“Flutter” by Tiffany Patterson presented by the Kolva-Sullivan Gallery at 115 S Adams. Ends June 30, 2011.
I have been looking forward to this show since Patterson mentioned a few months ago that she was going to do a “poster art show.” She had been nervous but excited since she had not really done poster art before, and her posters would form a narrative on the gallery walls. The posters were actually Jim Kolva’s idea, when he invited Patterson to fill his track-side gallery space. Artist, curator and audience were all pleased with the show’s First Friday artist reception.
Even more impressive about “Flutter” is that this is Tiffany Patterson’s first big solo show. Her work can be seen on cafe signs, inside Neato Burrito, under bridges and on bathroom doors around town. She has participated in many First Friday shows, including a Second Space themed show for tattoo art. Her art looks just as good in a white-walled gallery space as it does outdoors or in a dark coffee shop, and she possesses more than enough creativity to fill up a room.
The series of posters that make up “Flutter” begin at the back wall next to the show title painted in deep purple ink, with arrows pointing to the first poster. Wordless, a story of a pretty young girl unfolds, her curvy body and huge eyes are typical and unique to Patterson’s style. The natural world plays a large role in each composition, with rolling hills, thick woods and forrest creatures. It is a story of tragedy and finding peace and independence.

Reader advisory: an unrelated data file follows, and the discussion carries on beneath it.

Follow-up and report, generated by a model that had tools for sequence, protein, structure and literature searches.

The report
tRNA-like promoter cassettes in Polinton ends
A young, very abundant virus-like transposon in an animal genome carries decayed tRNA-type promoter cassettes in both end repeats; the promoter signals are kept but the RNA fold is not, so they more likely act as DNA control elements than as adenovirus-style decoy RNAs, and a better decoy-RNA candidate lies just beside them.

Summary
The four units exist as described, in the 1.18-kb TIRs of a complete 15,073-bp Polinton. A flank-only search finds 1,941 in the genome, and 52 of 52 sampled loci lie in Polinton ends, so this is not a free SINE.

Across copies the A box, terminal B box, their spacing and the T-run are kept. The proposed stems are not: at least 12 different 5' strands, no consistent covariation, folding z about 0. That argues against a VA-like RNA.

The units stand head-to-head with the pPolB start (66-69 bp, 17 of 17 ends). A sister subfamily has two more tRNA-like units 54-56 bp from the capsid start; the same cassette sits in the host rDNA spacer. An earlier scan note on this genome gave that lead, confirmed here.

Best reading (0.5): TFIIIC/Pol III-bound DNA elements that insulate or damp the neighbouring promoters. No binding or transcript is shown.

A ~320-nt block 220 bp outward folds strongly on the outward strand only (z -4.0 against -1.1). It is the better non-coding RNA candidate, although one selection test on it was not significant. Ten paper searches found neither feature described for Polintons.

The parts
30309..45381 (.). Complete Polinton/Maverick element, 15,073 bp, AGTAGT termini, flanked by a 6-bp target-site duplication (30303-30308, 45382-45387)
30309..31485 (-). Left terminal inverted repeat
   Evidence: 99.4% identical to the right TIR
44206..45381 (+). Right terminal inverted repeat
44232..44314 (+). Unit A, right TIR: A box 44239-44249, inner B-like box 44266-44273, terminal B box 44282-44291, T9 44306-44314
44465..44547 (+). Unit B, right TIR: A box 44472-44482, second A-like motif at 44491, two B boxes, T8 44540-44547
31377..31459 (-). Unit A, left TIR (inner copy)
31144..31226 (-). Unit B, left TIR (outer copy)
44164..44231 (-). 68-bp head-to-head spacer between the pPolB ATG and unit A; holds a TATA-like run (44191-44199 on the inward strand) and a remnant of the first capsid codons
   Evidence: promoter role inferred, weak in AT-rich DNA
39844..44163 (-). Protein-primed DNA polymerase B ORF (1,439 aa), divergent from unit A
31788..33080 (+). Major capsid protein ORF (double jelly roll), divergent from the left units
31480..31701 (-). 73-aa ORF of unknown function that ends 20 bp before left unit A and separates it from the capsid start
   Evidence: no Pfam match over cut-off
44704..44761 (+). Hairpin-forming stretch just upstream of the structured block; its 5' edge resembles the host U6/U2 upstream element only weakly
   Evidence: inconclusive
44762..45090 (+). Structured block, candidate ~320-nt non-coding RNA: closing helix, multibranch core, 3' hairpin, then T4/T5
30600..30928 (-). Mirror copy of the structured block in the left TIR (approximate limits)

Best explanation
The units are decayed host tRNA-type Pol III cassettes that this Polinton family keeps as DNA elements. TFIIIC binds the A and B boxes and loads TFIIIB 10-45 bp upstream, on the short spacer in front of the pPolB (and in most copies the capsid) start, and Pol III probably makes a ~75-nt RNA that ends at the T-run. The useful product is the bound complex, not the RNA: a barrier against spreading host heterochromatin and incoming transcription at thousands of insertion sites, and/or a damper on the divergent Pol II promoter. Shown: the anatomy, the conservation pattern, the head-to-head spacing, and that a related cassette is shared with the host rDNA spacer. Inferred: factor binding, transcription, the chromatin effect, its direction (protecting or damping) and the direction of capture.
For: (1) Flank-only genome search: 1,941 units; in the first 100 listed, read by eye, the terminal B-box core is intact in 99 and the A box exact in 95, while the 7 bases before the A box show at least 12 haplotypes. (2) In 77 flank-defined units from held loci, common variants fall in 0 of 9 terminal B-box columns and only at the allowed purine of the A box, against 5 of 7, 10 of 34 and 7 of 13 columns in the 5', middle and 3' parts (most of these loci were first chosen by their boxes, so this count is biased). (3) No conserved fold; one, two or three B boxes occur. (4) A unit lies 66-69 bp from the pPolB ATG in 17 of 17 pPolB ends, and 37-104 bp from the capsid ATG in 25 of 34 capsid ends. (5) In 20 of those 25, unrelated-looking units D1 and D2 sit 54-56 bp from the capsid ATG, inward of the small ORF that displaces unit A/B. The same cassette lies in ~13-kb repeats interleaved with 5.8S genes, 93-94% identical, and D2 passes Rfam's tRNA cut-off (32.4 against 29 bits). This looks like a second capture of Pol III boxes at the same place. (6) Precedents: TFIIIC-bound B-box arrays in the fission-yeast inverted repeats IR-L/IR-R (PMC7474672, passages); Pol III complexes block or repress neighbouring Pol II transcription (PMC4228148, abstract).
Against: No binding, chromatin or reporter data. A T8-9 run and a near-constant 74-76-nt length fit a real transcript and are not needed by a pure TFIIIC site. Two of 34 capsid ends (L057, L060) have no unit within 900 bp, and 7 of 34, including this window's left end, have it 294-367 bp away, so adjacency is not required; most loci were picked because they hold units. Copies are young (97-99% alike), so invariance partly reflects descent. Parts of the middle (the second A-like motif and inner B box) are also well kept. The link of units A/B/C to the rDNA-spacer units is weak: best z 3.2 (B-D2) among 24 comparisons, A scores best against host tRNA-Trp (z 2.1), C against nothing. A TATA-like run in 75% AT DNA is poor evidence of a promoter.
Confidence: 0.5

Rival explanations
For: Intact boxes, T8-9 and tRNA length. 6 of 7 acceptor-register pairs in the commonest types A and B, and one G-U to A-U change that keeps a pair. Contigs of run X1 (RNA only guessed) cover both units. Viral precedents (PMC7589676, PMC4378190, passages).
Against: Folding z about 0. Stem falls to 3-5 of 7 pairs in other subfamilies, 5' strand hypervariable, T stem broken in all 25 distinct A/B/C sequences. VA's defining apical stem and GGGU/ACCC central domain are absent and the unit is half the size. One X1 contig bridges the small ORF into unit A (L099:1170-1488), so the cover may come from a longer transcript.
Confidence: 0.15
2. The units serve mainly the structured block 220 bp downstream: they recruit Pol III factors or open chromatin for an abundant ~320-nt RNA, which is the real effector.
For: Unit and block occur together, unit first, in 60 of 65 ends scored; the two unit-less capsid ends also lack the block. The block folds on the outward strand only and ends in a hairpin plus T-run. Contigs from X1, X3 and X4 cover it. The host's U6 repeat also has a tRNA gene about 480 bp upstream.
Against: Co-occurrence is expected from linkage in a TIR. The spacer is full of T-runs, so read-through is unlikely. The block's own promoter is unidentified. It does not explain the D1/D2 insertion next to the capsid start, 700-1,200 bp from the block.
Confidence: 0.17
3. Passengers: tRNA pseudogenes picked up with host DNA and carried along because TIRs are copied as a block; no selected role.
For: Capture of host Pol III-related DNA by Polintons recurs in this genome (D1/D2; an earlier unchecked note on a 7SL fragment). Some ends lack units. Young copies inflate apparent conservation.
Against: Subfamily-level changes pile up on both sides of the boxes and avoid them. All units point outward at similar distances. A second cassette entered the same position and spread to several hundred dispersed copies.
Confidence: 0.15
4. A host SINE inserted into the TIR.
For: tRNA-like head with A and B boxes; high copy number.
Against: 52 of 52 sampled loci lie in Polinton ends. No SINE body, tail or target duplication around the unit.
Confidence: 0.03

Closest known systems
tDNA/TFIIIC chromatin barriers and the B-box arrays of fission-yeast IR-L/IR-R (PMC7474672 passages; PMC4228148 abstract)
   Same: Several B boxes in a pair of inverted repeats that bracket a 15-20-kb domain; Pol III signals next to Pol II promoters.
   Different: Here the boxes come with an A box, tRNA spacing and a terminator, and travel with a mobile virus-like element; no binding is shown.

It was perfect timing when I visited the third floor of the community building the day before the show opened, and I saw an early work of Patterson’s, which she donated to the building a few years ago. I could tell that it was an early Tiffany because it carried her trademark pink and purple colors and curvy female figures, but her technique has developed so much since that painting. The illustrative lines have become more refined, the details are more developed and her paints blend and layer much more now. She has also developed her characters and symbols more since then. Her signature bees became helicopters in “Flutter” and she used a fabulous floral design which I have not seen in her work before.
Watch out for this artist. More and more, her work is becoming part of Spokane. I wonder which restaurant, printed ad or mural I will see her work in next!
A limited edition, printed zine based on the show is available for $8 from the artist, as well as her lovely coloring book; pages from which are hanging in the gallery, decorated by a very tall 3-year old boy who was quite excited to hang his work with Patterson.